const string defaultAssembly = "DX, Version=1.0.0.0, Culture=neutral, PublicKeyToken=null";

        public static IDataManager CreateInstance()
        {
            string entry = System.Configuration.ConfigurationManager.AppSettings[suffix + defaultClass];
            if (entry != null)
            {
                string[] substrings = Regex.Split(entry, ":");
                return (IDataManager)Activator.CreateInstance(substrings[1], substrings[0]).Unwrap();
            }
            else
            {
                return (IDataManager)Activator.CreateInstance(defaultAssembly, defaultClass).Unwrap();
            }
        }
    }

In the above example, calling DataManagerFactory.CreateInstance by default instantiates class RuntimeLib.DataManager. But you can override that by adding a key to your app.config file:

<add key="Override:RuntimeLib.DataManager" value="MyTestClasses.DataManager:MyTests, Version=1.0.0.0, Culture=neutral, PublicKeyToken=null"></add>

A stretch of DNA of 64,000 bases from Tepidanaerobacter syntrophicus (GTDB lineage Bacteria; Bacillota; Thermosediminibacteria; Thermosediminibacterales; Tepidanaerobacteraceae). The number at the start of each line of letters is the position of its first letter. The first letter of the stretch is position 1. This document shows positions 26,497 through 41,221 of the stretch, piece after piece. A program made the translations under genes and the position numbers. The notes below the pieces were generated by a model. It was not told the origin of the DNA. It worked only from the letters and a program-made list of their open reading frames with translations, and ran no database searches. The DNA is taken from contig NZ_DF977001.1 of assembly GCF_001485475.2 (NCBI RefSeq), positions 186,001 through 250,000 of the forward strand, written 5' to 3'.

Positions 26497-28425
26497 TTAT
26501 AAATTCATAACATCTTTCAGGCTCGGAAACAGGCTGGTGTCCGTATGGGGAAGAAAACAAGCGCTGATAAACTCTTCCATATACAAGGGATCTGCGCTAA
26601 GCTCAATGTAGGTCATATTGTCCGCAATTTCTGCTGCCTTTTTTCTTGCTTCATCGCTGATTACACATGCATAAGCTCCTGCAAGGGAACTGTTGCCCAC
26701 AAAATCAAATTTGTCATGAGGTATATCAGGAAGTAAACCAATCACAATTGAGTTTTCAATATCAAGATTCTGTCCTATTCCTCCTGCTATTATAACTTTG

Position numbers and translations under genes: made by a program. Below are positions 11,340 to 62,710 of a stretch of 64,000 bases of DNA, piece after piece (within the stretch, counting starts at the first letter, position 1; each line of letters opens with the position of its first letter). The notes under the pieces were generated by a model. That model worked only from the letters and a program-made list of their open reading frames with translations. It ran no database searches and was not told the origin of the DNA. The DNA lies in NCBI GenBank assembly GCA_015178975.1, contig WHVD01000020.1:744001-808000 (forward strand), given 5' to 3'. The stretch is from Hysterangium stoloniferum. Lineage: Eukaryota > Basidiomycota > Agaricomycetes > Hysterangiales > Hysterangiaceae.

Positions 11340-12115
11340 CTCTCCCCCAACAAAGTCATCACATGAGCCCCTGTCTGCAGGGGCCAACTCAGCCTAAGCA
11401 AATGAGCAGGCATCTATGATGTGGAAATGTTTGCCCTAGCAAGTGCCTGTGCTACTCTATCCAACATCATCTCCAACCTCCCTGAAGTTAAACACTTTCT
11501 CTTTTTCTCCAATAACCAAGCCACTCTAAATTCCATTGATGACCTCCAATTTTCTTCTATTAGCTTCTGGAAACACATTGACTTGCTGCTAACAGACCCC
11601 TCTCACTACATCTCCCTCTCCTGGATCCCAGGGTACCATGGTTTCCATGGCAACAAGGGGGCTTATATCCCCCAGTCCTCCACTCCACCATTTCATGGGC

The 'value' represents the code that you want to use instead of the default. The 'value' contains the class name and assembly name separate by a colon.

When clients requests the factory to instantiate RuntimeLib.DataManager, it creates MyTestClasses.DataManager in MyTests.dll instead.

If your project doesn't have an app.config file, do "Add new item" on the Visual Studio project and select "Application Configuration". Here's an example app.config file:

<?xml version="1.0" encoding="utf-8" ?>
<configuration>
    <appSettings>
        <add key="Override:RuntimeLib.DataManager" value="MyTestClasses.DataManager:MyTests, Version=1.0.0.0, Culture=neutral, PublicKeyToken=null"></add>
    </appSettings>
</configuration>

You will need to add "System.Configuration" to the project's references.

Adding an entry to the app.config file:

  • Copy / paste the 'add' node into your app.config file.
  • Replace 'RuntimeLib.DataManager' with the name of your class. Note that the class has to be fully qualified, including the namespace.
  • Replace 'MyTests' with the name of your DLL, and fix the version number.

ReferencesEdit